Wikipedia 10K Redux by Reagle from Starling archive. Bugs abound!!!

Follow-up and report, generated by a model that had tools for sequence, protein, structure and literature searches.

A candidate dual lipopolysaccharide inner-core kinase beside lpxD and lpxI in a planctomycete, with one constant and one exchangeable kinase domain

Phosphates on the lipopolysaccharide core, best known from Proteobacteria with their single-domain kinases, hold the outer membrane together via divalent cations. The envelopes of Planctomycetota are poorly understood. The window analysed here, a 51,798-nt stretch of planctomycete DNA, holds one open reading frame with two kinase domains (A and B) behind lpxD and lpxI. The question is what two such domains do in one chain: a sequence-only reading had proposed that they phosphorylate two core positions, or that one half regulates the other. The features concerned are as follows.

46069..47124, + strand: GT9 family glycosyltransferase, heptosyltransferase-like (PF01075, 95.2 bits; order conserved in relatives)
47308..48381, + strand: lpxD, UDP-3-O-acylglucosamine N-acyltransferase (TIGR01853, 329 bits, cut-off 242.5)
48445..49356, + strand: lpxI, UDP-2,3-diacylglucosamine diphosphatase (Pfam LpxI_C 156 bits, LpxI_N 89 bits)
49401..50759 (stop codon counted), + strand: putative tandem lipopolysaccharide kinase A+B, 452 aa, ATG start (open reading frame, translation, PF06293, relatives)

Comment by JimboWales: I think that this is likely to happen within my own natural lifespan. I'm 34 now, and so in 2031, I will be 54. If I take care of myself, I should be able to live to 74-104, even given today's technology. It strikes me as a virtual certainty that we will have massively cheap machine intelligence by then. And that's going to be, for better or worse, the most amazing thing that has ever happened on EartH. ---- While we're firing off personal opinions. It's an open question exactly how powerful a computer one would need to support consciousness (heck, that possibility is still somewhat open). A friend of mine, though, suggested this possibility: you need basically as many connections as an ape brain has. In our ''vacuum datarum'' I would go with this, since it's obvious and fits with consciousness arising evolutionarily when it did. In that case, we have a long ways to go, since most of our computers are about as powerful as worms. Good at different things, of course, but I don't see them helping too much. So don't wait up...well, I guess you should if you can, but that's a different matter. :) Btw, never extrapolate trends too far! Technology can't surpass physical limits, which strongly seem to exist. So its growth should be logistic rather than exponential, and we're far enough away from the limits we know of that it makes sense we can't yet tell the two apart. -- JoshuaGrosse ---- Oh, I agree with what you say. This is just a fun idea more than anything else. There is a fairly respectable argument that the processing power of the human brain is something on the order of 100 million million to 1 billion million instructions per second. IBM is currently planning to have completed by 2005, a computer which will handle 1 billion million instructions per second. Of course, such an expensive ($100 million) computer will not be used for something as silly as approximating human intelligence -- it will be used to work on problems in protein folding, as I understand it. But, let's suppose that 20 years from now, a computer that powerful is cheaply available. Given the history of computers so far, and given the technological advances that seem to be "in the pipeline", it doesn't seem totally outrageous to suggest 2021 as a date for that. But, tack on an extra 30 years to be safe. So, will we have it by 2051? --JimboWales